That show took place during what would have been a gap between the group's North American and European tour dates this year. All of which have been called off due to the COVID-19 pandemic. Obviously.

Fans who bought tickets for the livestreamed concert were treated to a 100 minute performance, which saw the band move around a virtual house, with five rooms and two stages. Fans were also able to chose from multiple camera views. Over the course of nearly two hours, they performed a setlist of fourteen songs covering their entire career.

Big Hit reckons that the highest number of concurrent viewers was 756,000, spanning 107 countries. The company then says that this is a record for a ticketed online event. And you can try to argue with that if you want, but the Guinness Book Of World Records doesn't currently have anything else to measure that claim against.

The COVID-19 pandemic, of course, has led to an almost complete shutdown of the live music industry, with little certainty as to when things will return to normal. As a result, livestreaming is currently enjoying a boom - from free shows performed in musicians' living rooms on platforms such as Instagram and Facebook to larger-scale paid productions like this one.

This show was put together as a consolation for BTS fans because the band were not able to tour in the real world. However, obviously the big talking point is whether what is being done here will become part of the music industry long-term even once conventional tours and shows are back up and running.

Obviously for bands with such a massive international fanbase - like BTS - where you'll never be able to play live for everyone in any one year, there is probably more long-term potential. What is still being tested is what platforms and experiences work best and how much money fans will pay. Issues around music licensing will also need to be tackled.

But for now, BTS's dabbling with performing online seems to have definitely gone down well. Big Hit also reports that the performance prompted around 10,000 new sign-ups to the BTS fanclub.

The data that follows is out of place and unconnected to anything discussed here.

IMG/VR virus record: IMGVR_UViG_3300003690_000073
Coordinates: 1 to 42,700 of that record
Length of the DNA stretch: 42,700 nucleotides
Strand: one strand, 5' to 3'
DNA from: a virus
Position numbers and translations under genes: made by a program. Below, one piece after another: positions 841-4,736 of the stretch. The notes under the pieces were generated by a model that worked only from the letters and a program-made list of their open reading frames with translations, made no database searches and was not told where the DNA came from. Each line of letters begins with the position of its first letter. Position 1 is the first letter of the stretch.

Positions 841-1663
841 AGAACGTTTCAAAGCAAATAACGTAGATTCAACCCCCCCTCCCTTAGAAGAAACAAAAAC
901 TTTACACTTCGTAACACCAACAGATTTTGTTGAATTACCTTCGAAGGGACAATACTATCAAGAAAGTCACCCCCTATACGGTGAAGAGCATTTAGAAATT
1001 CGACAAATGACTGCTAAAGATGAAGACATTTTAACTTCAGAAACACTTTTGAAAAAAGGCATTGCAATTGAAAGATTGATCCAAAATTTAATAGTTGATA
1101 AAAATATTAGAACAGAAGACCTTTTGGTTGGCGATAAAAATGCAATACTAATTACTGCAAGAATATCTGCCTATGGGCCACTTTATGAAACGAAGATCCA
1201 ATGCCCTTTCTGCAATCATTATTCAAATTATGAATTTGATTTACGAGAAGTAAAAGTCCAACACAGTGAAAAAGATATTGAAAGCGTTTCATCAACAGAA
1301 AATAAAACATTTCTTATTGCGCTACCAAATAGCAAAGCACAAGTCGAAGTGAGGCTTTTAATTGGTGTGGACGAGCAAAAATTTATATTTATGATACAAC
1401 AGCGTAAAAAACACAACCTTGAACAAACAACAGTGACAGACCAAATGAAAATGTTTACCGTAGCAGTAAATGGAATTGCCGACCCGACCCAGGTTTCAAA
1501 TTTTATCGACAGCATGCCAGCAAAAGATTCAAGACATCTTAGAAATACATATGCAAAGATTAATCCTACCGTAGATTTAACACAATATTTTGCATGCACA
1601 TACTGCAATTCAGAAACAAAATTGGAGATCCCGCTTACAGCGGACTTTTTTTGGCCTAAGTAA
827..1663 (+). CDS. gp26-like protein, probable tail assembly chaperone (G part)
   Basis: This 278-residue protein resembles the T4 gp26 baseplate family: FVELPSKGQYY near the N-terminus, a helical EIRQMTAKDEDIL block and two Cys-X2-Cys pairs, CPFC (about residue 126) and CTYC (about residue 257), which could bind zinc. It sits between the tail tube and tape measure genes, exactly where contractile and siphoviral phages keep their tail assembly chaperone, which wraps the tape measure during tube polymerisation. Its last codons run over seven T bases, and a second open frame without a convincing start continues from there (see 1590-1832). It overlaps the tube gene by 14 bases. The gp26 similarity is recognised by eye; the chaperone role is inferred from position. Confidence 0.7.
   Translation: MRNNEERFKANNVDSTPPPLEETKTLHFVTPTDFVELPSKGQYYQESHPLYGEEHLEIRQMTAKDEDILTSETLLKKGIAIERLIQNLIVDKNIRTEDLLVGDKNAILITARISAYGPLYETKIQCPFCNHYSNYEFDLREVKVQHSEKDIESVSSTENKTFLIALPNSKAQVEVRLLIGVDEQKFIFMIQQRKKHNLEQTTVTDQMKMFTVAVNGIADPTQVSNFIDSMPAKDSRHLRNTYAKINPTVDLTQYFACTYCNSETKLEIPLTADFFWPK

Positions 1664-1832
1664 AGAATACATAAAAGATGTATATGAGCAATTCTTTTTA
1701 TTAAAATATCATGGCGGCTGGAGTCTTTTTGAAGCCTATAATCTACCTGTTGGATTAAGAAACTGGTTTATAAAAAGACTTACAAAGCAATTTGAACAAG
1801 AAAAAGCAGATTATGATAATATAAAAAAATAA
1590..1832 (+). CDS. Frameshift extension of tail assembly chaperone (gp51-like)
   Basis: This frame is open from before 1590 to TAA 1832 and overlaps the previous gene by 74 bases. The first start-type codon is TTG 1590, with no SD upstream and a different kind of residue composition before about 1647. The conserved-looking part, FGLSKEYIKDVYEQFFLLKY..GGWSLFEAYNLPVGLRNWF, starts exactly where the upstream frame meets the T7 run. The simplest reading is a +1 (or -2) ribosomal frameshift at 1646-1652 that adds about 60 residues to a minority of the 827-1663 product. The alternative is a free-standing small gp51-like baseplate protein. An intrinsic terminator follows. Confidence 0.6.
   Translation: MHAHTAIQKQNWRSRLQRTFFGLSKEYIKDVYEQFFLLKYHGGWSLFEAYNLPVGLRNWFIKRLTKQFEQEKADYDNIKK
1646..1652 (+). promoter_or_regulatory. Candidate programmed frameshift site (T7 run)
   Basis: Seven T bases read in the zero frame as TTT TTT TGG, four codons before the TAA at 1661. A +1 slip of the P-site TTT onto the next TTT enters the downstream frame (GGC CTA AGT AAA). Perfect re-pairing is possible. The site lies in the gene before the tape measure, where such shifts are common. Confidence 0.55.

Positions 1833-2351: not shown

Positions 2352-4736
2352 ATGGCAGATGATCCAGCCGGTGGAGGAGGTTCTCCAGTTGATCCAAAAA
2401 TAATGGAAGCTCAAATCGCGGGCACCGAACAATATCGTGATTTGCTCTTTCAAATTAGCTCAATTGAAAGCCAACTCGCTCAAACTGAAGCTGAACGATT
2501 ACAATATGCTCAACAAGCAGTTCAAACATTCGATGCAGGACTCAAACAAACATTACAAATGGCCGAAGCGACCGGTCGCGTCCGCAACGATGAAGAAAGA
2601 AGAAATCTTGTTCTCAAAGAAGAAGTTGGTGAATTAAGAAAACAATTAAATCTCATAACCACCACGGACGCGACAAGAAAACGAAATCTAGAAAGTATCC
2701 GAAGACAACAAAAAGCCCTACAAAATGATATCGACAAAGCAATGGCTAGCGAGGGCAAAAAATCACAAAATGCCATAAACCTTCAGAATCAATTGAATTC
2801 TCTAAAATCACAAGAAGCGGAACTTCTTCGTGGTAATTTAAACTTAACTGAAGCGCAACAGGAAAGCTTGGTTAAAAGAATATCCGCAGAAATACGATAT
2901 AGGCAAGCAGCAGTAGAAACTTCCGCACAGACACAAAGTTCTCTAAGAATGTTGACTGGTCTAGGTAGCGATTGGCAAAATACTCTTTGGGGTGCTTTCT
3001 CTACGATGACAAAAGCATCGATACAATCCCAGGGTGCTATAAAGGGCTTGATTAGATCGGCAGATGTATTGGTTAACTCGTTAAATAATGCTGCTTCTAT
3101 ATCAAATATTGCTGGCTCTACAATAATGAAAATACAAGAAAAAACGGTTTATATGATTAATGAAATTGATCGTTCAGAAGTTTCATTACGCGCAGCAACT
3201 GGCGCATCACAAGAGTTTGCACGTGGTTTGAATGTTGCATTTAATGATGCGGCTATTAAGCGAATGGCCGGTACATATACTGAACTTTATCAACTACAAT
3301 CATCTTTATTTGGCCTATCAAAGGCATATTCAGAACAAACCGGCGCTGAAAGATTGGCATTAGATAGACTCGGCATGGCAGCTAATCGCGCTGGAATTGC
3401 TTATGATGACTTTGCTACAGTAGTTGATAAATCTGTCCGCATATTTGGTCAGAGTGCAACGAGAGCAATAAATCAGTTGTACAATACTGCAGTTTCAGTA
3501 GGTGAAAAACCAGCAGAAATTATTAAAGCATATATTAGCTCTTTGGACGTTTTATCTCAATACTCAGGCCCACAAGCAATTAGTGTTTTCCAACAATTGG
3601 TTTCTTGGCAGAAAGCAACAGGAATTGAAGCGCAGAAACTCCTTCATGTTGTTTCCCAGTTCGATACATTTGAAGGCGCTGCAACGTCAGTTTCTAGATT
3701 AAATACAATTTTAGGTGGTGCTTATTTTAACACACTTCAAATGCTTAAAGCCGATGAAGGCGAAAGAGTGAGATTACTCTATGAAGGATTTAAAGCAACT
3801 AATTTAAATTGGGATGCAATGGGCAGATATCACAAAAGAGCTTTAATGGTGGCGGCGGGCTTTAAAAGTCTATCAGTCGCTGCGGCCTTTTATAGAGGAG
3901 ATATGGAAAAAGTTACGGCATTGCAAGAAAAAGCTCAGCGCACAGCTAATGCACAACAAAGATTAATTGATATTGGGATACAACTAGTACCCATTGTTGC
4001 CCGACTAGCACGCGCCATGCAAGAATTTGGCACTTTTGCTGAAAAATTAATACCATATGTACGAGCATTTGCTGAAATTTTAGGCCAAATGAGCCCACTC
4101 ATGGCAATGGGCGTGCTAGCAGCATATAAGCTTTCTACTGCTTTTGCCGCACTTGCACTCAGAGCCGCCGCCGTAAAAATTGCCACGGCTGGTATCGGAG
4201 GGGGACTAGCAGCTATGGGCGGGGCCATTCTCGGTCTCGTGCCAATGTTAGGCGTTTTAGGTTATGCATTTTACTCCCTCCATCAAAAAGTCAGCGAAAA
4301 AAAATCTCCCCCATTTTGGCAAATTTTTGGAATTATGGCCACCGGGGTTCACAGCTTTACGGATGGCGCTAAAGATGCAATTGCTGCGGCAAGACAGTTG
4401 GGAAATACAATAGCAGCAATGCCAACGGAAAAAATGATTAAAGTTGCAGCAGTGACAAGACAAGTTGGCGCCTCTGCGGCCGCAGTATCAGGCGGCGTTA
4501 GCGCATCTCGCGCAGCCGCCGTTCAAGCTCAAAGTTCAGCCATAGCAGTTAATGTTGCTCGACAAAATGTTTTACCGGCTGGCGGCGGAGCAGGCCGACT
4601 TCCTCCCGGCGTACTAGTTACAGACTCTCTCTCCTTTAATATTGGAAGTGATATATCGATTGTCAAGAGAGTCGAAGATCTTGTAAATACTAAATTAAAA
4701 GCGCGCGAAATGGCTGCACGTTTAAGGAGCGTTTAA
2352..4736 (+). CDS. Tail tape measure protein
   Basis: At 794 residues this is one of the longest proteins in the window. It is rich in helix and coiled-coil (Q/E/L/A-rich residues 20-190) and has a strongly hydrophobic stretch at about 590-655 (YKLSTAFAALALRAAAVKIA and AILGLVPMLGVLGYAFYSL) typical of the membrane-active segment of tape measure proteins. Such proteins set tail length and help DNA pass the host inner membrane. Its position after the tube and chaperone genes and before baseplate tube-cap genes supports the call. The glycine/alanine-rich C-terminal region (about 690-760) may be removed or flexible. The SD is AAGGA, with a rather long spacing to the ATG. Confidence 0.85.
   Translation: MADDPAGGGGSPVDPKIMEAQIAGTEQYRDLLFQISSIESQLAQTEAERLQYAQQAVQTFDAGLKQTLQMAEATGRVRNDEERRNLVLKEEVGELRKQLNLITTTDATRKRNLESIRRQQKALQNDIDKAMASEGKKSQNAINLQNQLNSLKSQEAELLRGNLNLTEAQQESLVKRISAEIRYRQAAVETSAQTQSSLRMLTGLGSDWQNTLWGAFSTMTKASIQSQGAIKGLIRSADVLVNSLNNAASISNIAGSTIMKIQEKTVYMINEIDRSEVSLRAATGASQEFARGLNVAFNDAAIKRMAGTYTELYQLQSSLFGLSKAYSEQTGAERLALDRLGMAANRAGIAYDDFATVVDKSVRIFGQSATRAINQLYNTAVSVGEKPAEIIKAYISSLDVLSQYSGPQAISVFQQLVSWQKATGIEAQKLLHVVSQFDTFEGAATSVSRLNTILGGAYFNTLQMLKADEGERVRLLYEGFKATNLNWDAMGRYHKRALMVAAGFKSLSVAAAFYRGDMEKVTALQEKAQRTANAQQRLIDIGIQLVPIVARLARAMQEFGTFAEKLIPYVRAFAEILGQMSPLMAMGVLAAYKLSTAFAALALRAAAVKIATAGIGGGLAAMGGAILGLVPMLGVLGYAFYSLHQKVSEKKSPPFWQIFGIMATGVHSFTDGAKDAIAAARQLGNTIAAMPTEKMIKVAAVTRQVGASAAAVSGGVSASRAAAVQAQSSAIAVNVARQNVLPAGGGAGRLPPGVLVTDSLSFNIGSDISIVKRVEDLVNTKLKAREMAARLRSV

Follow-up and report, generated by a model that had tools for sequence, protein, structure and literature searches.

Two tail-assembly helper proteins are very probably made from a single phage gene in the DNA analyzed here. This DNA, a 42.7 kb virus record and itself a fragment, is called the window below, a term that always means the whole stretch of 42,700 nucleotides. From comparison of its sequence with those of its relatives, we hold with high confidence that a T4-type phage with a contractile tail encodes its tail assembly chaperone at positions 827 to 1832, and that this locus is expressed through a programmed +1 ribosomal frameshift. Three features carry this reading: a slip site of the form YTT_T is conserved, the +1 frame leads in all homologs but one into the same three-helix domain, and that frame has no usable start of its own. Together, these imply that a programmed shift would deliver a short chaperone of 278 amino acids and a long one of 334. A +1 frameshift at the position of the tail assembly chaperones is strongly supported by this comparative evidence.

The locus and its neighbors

Approved: Ary
Singer, producer and songwriter Ariadne Loinsworth - or Ary, to use her stage name - released a string of well-received singles in 2016 and 2017. However, while her star seemed to be rising, she was becoming disillusioned with the pop world, seemingly unhappy with how her sound was being shaped by other producers.

Having taken time away to re-focus and work on new music by herself, she returns with her first single entirely produced, written and performed on her own, 'Oh My God'. Her first release under a new record deal with Island, it is her best work to date and starkly different to previous releases. Using multiple contrasting vocal lines to drive the track, she brings in sparse instrumentation to accent the emotional depth of the song.

"'Oh My God' is for me the start of a new era", she says. "For the first time I've started making exactly what I want, without thinking about who's going to hear it or if or where it's going to live post release. 'Oh My God' became a perfect distillation of my emotions at the time, and I honestly can't wait for everyone to hear it".

Watch the video for 'Oh My God' here.

Stay up to date with all of the artists featured in the CMU Approved column by subscribing to our Spotify playlist.

New Order and Jon Hopkins rarites to feature on charity compilation
Mon Amie Records has announced a compilation release in aid of US charity the Alzheimer's Association, featuring previously unreleased music by Anna Calvi, Moby, Daniel Avery and more.

Other tracks on the compilation include New Order's extended mix of 'Nothing But A Fool', making it available on vinyl for the first time, and Hayden Thorpe and Jon Hopkins' cover of Q Lazzarus's 'Goodbye Horses', which has been out of print for several years.

The release is set to coincide with the Alzheimer's Association's annual 'The Longest Day' fundraising campaign. Label boss Mona Dehghan's grandmother died of Alzheimer's disease in 1998 and her father was diagnosed with it last year.